Who are the main characters of the book?
Janek Aniolov Kapo of the Ramp Crew, responsible for collecting possessions and bodies of arriving transports and delivering them to Kanada. He joins the Escape Committee with Mihael.
Ruth Stössl Kapo of Kanada section who manipulates Elena to lead Franz on. She exposes corruption of SS guards in Kanada Kommando.
Lukas Armbrecht Franz's best friend is a cynical opportunist and womanizer who later refuses to deny the camp's existence and purpose.
Mihael Rosenthal Originally Mihael meets Franz at school. As a Jew, he is sent to Auschwitz and encounters Franz whilst working with Janek in the Ramp Crew. He leads Escape Committee and escapes to expose Eichmann's plans regarding Hungarian Transports.
Gavriil Ahrenski Russian POW associated with the traitor general Vlasov. He smuggles gunpowder between Monowitz and Birkenau helping the Rebellion.
Rafael Romaniotes Greek dentist who Janek tricks into Sonderkommando, where he pulls gold teeth from corpses. He witnesses the Camp Rebellion.
Are the characters real people?
The characters are loosely based upon real people and events; The Vrba-Wetzler report was written by Walter Rosenberg after he escaped the camp. Franz Wunsch headed the Kanada section and was tried for race crimes both by the Gestapo during the war and by the Austrian government after the war. Helena Citronova testified for him, travelling from Israel to do so. Oskar Gröning worked in the Currency Section and rejected the denial of Thies Christofersen. These characters have some similarities with Mihael, Franz, Elena and Lukas respectively. However, it should be understood that the characters are all fictional and that opinions or actions described in the book are not those of real persons.
What inspired the story?
Lawrence Rees is an English historian who produced the BBC programme interviewing both guards and inmates of the Auschwitz camp. The series allowed a glimpse of real people, living through the Nazi years. It was an important historical step, particularly given that many of the people were reaching the end of their lives. The stories told, and particularly that of Helena Citronova and Franz Wunsch, inspired this novel. We are now seventy years after Auschwitz and it is appropriate that we remember this event in a balanced and respectful manner.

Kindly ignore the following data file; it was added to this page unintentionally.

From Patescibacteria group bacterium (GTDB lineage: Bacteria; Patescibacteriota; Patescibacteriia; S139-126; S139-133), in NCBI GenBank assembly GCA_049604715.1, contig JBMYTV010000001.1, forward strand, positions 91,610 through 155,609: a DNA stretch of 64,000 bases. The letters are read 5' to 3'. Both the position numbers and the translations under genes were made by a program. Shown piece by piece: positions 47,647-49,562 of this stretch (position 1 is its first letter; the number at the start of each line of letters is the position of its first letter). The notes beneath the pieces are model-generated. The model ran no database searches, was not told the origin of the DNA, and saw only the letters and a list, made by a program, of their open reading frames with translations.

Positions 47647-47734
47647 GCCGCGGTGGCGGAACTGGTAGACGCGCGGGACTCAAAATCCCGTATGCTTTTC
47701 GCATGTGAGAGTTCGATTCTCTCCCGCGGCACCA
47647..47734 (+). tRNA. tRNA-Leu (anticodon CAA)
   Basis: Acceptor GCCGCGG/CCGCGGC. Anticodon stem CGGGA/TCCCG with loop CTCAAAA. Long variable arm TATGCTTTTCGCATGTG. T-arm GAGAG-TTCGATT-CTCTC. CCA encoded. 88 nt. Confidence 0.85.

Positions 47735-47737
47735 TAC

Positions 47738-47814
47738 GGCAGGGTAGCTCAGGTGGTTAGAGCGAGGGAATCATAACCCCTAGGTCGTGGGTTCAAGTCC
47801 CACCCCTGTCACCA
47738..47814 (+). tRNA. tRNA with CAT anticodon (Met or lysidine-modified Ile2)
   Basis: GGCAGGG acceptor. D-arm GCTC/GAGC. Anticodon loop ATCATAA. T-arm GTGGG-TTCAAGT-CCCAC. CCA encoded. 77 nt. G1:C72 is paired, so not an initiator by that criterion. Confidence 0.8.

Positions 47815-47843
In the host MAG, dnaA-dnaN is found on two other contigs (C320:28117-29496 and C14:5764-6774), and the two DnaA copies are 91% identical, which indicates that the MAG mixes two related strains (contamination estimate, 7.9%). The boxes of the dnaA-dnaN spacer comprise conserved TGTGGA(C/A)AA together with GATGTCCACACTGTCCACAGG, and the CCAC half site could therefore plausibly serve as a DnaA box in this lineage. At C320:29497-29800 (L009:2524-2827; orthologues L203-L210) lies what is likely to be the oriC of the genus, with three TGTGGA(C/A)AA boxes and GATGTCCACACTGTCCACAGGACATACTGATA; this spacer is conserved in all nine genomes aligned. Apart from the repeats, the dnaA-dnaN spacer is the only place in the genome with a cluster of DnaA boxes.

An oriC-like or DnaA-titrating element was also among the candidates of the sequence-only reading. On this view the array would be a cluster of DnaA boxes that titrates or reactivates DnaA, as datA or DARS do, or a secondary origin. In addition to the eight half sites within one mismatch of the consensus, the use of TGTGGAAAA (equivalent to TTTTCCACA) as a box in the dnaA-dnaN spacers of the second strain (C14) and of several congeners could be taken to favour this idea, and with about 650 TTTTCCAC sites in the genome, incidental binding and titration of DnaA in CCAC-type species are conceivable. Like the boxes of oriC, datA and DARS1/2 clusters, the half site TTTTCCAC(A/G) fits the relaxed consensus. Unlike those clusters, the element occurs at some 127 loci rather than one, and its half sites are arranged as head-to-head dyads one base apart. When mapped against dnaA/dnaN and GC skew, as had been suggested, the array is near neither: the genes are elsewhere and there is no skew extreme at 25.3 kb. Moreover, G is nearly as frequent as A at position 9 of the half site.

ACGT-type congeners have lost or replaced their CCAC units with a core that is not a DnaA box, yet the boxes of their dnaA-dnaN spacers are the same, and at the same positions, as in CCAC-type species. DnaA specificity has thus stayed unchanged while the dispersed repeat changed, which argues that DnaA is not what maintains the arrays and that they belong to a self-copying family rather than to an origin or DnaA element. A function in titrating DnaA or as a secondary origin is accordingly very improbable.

Music to read the book
Writing requires patience and time, scarce commodities in our hectic lives. Add to that, the dreaded block can strike at any moment. My defence is to listen to music, which can often overcome temporary periods of stress. Everybody has their own taste but this is music that helped me write the book. Beethoven's 7th, is a piece of music that inspires a sense of trudging through a sufferance. I imagine that many of the inmates of Auschwitz would have felt like this and particularly as the music reaches its climax at the end. Rackmaninov's 2nd needs little introduction, being the most romantic piano piece ever conceived. Despite its black side, Whispering Birches is a love story of dramatic proportion and I played this piece when I tried to convey a romantic sense. This version was played by the blind pianist Nobuyuki Tsujii and I love the obvious passion that overcomes him. Finally Tschaikovsky's Marcia Slava always brings me a sense of prisoners marching away from the camp, relieved to be out of it but at the same time shocked and saddened by their loss.
Whispering Birches is part I of the Tree of Faith series and has the Orthodox church as its religious theme. This is emphacized through the characters being linked to the Archangels:
Michael features in almost every religion as the primary archangel, the warrior who fights against evil on behalf of good. In Hebrew, Michael is the protector of Israel. In the book, Mihael Rosenthal is the warrior who escapes the camp and fights to prevent the Hungarian transports.
Gabriel is also one of the main archangels featuring in Christian, Islamic and Judaic religious history. He is the messenger of God and in the book Gavriil Ahrenski acts as the man delivering gunpowder for the rebellion. He is also the trumpeter in that he betrays his friend Vlasov.
Raphael is also one of the main archangels that span religion. He is the healer. In the book, Rafael Romaniotes is the Greek dentist whose tragedy ends when he is given up to the Gestapo.
Zarachiel is the angel of prayer, the one that is for fairness and justice. In the book, we find that Ruth uses her trade name, being a prostitute. her real name is Sara Raquel. Ruth is the one that converts Franz from brutality.